I lost the argument with my wife. Should we encourage our children’s faith in Santa Claus? I was concerned that doing so might later undermine both our credibility as parents and our children’s belief in God.
It may not be a conversation that most couples have. Then again, must couples don’t include a former Jehovah’s Witness who was raised without holidays. As a child, I absorbed the cold hard truth dispensed from my parents. There was no Santa Claus. Other children’s parents cruelly lied to them. The privilege of knowing the truth served as consolation for receiving no presents.
Though I’ve long since rejected Jehovah’s Witness beliefs, my parents’ reasoning regarding the Santa fantasy lingered. Is there value in believing in something which is not true?
That question deserves careful consideration, and serves as a check against adult beliefs. In our postmodern, politically correct society, we commonly hear ecumenical equivocations like, “There are many paths to God.” While sharing my Christian faith, friends have more than once told me, “That’s your truth.” That rebuke stops short of saying my faith is false, claiming only that it is no more or less true than any other. But if that proves somehow valid, if one person’s faith in a flying spaghetti monster is no more or less true than my faith in Jesus Christ, what value is there in holding to either?
“Exactly!” an atheist might say. “Faith in Jesus is no better than faith in either Santa Claus or the flights of a pasta god.”
In Leonard Peikoff’s The Ominous Parallels, the ardent atheist and intellectual heir to objectivist philosopher Ayn Rand defines faith as the opposite of reason:
“Faith” designates blind acceptance of a certain ideational content, acceptance induced by feeling in the absence of evidence or proof.
Were this our working definition, I could agree that faith in anything is useless. However, this narrow view of faith does not encompass how the word is used in our culture. When a husband expresses faith in his wife, is he necessarily doing so in the absence of evidence? Or is his faith a bet made on the basis of past experience and intimate knowledge of her characteristics? Either scenario is possible, and surely men and women have been known to invest faith blindly. However, as a friend to a married person, we would not encourage blind faith in the same manner we would that informed by evidence.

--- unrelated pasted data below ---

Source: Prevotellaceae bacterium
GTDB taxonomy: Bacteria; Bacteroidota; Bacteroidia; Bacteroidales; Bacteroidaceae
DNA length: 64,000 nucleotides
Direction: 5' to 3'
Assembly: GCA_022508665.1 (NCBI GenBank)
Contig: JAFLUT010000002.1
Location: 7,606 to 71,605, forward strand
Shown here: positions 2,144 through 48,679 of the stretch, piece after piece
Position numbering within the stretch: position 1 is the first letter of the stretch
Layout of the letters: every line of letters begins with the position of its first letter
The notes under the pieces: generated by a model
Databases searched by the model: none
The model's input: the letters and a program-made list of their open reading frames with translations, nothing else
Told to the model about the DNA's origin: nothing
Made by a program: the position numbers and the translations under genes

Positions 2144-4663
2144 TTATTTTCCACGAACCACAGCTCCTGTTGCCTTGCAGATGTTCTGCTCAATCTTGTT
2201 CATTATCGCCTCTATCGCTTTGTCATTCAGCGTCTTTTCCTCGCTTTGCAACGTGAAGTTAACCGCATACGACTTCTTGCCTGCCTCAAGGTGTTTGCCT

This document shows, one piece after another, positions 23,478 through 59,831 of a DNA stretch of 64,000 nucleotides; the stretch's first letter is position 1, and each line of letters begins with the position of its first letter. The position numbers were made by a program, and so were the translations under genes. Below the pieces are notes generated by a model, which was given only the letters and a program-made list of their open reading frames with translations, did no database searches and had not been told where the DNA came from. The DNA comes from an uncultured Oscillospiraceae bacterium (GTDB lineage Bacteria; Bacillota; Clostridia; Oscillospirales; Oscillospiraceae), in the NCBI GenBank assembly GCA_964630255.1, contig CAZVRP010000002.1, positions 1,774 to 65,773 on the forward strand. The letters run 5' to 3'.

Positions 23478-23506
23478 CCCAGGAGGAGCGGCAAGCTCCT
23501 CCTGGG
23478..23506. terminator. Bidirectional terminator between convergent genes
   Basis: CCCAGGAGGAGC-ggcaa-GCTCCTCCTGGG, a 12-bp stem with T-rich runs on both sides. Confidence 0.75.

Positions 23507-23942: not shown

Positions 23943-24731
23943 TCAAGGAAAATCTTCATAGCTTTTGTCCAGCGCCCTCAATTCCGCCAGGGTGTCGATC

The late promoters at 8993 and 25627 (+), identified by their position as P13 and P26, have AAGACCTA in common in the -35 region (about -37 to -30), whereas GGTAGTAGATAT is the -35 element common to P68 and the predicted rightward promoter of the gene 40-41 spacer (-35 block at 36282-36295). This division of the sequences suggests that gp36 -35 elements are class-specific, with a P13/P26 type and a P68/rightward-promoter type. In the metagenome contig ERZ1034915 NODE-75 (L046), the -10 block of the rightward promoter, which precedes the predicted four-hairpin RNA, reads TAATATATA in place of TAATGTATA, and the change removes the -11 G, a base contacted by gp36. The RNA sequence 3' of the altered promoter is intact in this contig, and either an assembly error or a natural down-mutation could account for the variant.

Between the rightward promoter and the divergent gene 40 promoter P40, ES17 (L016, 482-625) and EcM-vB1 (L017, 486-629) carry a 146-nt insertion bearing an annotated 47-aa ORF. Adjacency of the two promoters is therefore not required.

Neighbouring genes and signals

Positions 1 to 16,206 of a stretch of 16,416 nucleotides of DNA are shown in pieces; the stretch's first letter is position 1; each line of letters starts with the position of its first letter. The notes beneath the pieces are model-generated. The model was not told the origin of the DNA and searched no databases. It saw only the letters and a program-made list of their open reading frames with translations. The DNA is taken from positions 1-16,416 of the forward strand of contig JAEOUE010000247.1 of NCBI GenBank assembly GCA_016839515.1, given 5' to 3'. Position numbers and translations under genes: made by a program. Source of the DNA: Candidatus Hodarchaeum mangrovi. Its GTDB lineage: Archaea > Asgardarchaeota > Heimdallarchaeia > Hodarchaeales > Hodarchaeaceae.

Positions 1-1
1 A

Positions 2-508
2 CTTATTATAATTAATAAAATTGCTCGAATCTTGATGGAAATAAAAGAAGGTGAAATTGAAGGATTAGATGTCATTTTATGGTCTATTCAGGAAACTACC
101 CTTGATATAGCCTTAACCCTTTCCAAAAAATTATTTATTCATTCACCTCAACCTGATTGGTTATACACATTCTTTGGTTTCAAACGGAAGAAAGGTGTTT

‘Twas the night before Christmas, and a group of Northern factory workers rushed the victim Nicholas (last name removed to keep his actual identity confidential) to the emergency room. Doctors treated the patient for broken bones after a horrible beating by a gang of schoolchildren. He had been robbed and his sleigh hijacked. The police arrested six suspects. Prosecutors are considering charging these juveniles with grand larceny and aggravated assault.
This sounds more like a horror story fit for Halloween night than a tale meant for a blessed Christmas morning. Then again, it’s eerily something that could have been pulled right out of today’s newspaper.
It makes me think of an old Indian proverb: “Give a stick and in turn get beaten.” In other words, those who try to help in the wrong way can end up causing a problem for themselves. Democrats talk a lot about “helping people.” They expand the federal government because they claim they have a benevolent motive to help others, but they don’t realize how to really help. An overweight Uncle Sam giving away more than he can afford means there are two poor people now, not just one. Don’t walk softly by being naively generous only to get beaten by your own stick.
Democrats like to play up the lie that they are the only compassionate ones in politics. I encountered this misconception firsthand. As a freshman in college, I didn’t really talk about politics much, but one day a friend on my floor interrogated me, “Are you a Republican or a Democrat?” When I told her that I leaned right, she commented, “You can’t be! You are so nice!”